The Perfect Princess Problem
Cinderella, Snow White, Aurora, Rapunzel, Belle- what do all these people have in common?
Not only are they Disney princesses, but they are perfect Disney princesses.
Tiny waist, light colored eyes, light skin, minimal speaking lines (Aurora only has about 18 lines of dialogue in the entire movie for goodness sake! Source)
And don’t even mention the princess Ariel, who even though she is in her early teens, has a tiny waist and prominent boobs Disney doesn’t even try to cover up.
And- wait for it- these are characters in children stories. Meaning that little kids with very malleable minds who are just learning how to read are also learning how to determine if someone if a pretty princess or an ugly stepsister.
Boys are learning that they can ‘kiss the girl’ because her looks are more important than her voice.
Girls are learning that a man has to come to them, not the other way around.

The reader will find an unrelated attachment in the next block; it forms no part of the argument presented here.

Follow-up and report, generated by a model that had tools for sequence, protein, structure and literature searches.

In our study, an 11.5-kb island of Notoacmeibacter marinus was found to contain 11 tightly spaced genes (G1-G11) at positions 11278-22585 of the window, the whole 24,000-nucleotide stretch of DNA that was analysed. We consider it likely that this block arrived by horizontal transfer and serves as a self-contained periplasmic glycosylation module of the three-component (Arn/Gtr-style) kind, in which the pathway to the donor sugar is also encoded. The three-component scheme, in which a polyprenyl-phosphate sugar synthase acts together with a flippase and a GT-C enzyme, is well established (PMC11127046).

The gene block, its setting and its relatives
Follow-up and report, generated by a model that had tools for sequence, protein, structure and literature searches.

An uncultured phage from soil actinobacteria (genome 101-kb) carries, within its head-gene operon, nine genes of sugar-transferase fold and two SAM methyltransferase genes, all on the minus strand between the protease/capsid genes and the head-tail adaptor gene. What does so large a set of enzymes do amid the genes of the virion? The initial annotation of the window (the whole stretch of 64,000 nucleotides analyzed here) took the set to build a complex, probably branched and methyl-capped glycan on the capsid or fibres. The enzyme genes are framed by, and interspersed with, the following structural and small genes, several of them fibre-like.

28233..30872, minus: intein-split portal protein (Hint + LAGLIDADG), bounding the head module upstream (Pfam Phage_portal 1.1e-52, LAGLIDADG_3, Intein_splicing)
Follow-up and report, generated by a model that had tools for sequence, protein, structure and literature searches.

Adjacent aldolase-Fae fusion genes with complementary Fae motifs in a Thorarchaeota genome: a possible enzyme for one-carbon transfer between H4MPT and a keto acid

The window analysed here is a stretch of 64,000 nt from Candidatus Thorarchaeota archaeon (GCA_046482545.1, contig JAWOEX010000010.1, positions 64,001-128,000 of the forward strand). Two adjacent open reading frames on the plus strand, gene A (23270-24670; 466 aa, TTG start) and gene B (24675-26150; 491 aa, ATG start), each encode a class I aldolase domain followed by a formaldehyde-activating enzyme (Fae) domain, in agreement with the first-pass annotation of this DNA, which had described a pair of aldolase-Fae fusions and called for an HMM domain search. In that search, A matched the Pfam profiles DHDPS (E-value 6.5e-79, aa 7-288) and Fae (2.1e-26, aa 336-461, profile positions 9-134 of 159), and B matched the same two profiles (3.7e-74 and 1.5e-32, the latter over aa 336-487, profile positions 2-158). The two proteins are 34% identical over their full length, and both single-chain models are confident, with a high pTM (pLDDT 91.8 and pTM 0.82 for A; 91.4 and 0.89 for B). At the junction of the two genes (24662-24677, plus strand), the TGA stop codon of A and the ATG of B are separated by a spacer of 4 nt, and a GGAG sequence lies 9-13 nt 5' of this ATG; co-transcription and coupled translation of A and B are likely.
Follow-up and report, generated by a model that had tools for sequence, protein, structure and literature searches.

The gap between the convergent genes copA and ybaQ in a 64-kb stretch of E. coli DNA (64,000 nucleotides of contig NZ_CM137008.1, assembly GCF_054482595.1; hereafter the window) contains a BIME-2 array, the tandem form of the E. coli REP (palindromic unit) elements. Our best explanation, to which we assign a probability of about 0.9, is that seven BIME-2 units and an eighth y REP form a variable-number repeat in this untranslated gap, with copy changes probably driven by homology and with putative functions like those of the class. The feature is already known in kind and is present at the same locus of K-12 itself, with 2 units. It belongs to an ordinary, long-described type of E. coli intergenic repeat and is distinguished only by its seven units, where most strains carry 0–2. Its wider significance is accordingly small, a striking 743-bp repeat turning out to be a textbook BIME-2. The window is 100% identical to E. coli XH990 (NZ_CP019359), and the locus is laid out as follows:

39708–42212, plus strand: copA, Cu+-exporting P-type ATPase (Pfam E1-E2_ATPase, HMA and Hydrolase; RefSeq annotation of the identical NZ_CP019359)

They both are learning that there is a distinct line between what defines a man and what defines a woman; a line which should never be crossed.
And, if you didn’t notice already, Disney is striving to change that.
Their princesses are starting to represent the whole of humanity. They are starting to be the ones making the change, not the ones waiting for their knight in shinning armor to come save them. They are starting to be of different ethnicities, heights, and sizes. They are becoming exactly what a child should aspire to be.
Becoming being the prominent word. Disney, although nearer, is nowhere near the perfect princess movie, but they are getting closer and closer with every release.
So, let’s embrace the change. As a matter of fact, let’s encourage it. Let’s let every child know that they can be whomever they want to be- a princess, prince, villain, sidekick, none, or all of the above- no matter if the check the box ‘man,’ ‘woman,’ or ‘other.’